I see this as a collaboration of all these influences, I don’t dictate an image…it grows organically and I rely on the input of others, their grasp of trends, culture etc. It is very important to me to understand what is relevant at this time yet still staying true to my aesthetic. The close working relationship I have with the production designer Daryl McGregor has allowed me to streamline the ideas to a consistent body of work. The work is made up of a ‘collage’ of elements…the backgrounds are photographed separately around Africa, the studio and props, lighting and casting follow and then I work them together. I liked the almost imperfect ‘artificiality’ that this process has allowed me. It means that I can take my time to carefully manipulate the elements.

Did you restrict the timeframe for ‘Hero’ or was this a more organic process?

I feel it is very important to work in chapters. I see this as a body of work that slowly evolved and became something bigger. Whether I return to it, is something I will have to feel strongly about but my voice here with this series is acknowledging  very traditional African ‘studio’ photography with a contemporary sensibility.

How important is planning an image versus evolving an image on set?

There is always an allowance for something spontaneous to happen on set, but I like structure. Drawings, discussions with my team, references, casting are all part of it. I like to know where we are starting from, and things evolve very naturally, but within a framework.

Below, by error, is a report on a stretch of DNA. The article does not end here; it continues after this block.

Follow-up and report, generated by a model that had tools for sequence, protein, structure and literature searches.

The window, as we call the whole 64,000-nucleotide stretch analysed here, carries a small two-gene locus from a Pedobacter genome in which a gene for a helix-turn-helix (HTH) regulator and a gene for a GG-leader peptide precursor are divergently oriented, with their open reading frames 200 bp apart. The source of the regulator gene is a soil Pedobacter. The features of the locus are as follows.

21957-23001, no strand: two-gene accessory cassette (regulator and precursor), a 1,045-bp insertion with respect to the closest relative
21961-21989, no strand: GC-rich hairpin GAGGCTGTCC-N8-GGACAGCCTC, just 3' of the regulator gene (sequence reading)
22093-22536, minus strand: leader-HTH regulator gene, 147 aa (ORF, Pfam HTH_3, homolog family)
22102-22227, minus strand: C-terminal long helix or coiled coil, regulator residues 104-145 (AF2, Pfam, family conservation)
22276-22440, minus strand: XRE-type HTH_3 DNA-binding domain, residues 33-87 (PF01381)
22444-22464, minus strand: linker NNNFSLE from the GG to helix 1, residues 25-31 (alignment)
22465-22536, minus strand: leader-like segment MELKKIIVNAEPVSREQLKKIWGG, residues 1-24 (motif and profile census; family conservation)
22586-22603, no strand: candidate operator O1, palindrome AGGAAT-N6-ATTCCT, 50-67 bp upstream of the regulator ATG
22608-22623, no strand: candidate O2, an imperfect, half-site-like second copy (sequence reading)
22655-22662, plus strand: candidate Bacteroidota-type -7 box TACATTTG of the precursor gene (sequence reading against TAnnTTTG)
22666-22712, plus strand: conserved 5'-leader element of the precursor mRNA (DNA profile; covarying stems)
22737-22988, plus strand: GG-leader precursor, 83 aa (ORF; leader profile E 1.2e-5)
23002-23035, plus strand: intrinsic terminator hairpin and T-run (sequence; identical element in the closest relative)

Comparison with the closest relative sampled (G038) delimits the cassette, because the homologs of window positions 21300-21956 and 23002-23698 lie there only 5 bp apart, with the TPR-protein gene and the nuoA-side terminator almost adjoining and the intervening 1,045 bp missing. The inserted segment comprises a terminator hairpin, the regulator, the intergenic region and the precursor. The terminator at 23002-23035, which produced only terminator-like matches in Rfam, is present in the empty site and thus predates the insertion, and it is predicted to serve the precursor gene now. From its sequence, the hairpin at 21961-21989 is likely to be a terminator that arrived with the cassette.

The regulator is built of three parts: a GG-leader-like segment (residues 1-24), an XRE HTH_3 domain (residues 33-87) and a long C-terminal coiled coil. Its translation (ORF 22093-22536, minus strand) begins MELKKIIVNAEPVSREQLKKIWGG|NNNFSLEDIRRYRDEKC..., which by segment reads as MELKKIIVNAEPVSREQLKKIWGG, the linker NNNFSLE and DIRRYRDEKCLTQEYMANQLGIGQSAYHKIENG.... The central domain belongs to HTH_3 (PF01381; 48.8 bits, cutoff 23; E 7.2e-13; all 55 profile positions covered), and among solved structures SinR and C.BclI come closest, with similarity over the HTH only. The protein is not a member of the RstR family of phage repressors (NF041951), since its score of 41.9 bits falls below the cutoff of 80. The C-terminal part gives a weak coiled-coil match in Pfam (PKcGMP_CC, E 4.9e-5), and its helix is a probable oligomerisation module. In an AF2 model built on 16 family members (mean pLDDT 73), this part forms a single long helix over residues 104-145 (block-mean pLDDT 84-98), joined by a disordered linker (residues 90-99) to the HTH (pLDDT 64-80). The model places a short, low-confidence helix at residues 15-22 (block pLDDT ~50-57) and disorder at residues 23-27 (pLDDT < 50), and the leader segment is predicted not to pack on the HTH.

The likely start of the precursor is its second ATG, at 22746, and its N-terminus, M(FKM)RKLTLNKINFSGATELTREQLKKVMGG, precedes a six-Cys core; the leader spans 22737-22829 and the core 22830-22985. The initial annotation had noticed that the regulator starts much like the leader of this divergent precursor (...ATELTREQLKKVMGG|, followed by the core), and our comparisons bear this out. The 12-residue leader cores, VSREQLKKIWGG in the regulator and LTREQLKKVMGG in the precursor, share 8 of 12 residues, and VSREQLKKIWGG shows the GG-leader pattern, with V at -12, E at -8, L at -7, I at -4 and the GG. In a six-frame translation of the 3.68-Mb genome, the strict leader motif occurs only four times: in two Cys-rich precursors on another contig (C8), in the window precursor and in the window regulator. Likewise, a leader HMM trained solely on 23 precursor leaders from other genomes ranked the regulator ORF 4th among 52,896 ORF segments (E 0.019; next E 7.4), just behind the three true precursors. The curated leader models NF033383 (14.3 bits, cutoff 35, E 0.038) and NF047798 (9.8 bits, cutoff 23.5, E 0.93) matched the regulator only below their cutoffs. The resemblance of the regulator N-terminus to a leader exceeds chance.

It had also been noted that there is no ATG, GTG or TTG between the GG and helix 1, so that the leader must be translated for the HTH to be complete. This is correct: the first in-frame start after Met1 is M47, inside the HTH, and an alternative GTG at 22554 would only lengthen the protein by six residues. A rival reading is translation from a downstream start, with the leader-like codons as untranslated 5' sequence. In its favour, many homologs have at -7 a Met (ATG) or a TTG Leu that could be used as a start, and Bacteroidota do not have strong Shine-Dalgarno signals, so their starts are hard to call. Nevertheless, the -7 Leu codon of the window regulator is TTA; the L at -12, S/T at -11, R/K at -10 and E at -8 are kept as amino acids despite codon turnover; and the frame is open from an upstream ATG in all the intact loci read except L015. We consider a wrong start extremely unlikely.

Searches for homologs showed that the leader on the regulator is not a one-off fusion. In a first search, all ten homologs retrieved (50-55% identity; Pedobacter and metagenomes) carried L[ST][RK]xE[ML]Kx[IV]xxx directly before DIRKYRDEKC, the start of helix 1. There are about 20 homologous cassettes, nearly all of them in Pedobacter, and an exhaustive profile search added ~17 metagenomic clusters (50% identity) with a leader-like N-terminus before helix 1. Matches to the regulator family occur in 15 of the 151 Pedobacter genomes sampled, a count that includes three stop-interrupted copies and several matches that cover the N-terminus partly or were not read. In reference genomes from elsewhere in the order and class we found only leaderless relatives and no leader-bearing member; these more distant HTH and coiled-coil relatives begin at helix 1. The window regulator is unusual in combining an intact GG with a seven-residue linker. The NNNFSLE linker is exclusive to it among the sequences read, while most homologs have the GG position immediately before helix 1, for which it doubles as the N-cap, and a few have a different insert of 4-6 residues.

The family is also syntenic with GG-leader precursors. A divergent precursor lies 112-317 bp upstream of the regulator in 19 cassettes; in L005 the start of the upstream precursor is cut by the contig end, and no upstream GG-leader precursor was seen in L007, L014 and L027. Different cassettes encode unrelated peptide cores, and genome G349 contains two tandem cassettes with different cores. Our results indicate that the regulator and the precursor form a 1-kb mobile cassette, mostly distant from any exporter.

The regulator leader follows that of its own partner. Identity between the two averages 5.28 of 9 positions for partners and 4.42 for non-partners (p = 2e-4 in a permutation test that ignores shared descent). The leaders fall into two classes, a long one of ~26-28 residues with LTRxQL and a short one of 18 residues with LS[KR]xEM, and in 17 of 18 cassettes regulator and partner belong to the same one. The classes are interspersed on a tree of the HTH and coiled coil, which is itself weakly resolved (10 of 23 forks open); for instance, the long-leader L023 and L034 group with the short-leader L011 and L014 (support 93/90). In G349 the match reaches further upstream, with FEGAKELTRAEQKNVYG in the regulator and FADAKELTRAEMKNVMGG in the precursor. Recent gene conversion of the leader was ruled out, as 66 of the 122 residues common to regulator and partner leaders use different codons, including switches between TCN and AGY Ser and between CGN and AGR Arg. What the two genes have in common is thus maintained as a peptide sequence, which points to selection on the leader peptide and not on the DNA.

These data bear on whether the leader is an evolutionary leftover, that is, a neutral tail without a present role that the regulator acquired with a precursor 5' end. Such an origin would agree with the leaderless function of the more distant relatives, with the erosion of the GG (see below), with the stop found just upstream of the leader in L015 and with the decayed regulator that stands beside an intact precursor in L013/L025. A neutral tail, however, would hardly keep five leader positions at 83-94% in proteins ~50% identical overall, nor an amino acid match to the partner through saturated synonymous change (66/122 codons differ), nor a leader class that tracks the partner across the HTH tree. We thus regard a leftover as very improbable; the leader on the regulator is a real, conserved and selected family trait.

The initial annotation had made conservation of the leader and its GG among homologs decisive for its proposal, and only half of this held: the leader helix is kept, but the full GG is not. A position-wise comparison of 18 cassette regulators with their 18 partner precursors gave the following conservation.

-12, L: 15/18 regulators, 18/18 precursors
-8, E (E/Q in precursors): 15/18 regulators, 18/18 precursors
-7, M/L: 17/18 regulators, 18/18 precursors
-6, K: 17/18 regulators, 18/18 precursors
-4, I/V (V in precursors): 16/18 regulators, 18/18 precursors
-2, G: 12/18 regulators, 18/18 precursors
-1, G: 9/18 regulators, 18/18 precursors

What does the construct of ‘beauty’ mean to you?

I have no interest in glamour, but in style and attitude. Beauty can come from the way someone puts themself together, a way of looking at the world. I have totally embraced that beauty comes in many forms and has evolved in our perceptions.

You prefer to refer to your subjects as ‘characters’. Why so?

I see each portrait as a character in a small film. There is a romance to that way of thinking…..a girl waiting for a train in the Karoo, a boy sitting on a circus ball in the desert. This can come from a painting, a film, a poem, someone I see on the street. It comes in many forms.

It could be said that there is a commentary on environmental responsibility within ‘Hero’. Do you agree? If so, could you elaborate?

I called the work HERO as I see these people in my pictures as proud of their heritage, achievement and strength. To me, Africa has always felt very pure, angry sometimes, but always pure in an emotional sense. Looking at the work, I want these people to be acknowledged as having carved a very creative and original role in the way forward for Africa. I have always championed the incredible men and woman in this country and on the continent, many of whom have influenced my life and work. Perhaps in a way, this is my personal homage to Africa and it’s people.

Within the great tradition of African photographic portraiture, did you imagine a specific context for ‘Hero’?

Yes, I have spent a lot of time researching African portrait photography. I see it as my contribution of acknowledging those masters and giving it a modern sensibility…a ‘theatre’ perhaps.

This is your first show in South Africa since 2008. Why Cape Town?

The work was all created here, so it made sense that the first introduction of this series was to be shown here. I also feel Africa is poised to be a huge world player in fine art, more than ever, and I feel lucky to be part of it.

Kevin Mackintosh will exhibit his first body of work in South Africa since the enormously successful Bolshoi Ballet series in 2008. The exhibition runs from 22 February – 10 April at Deepest Darkest Gallery in Cape Town.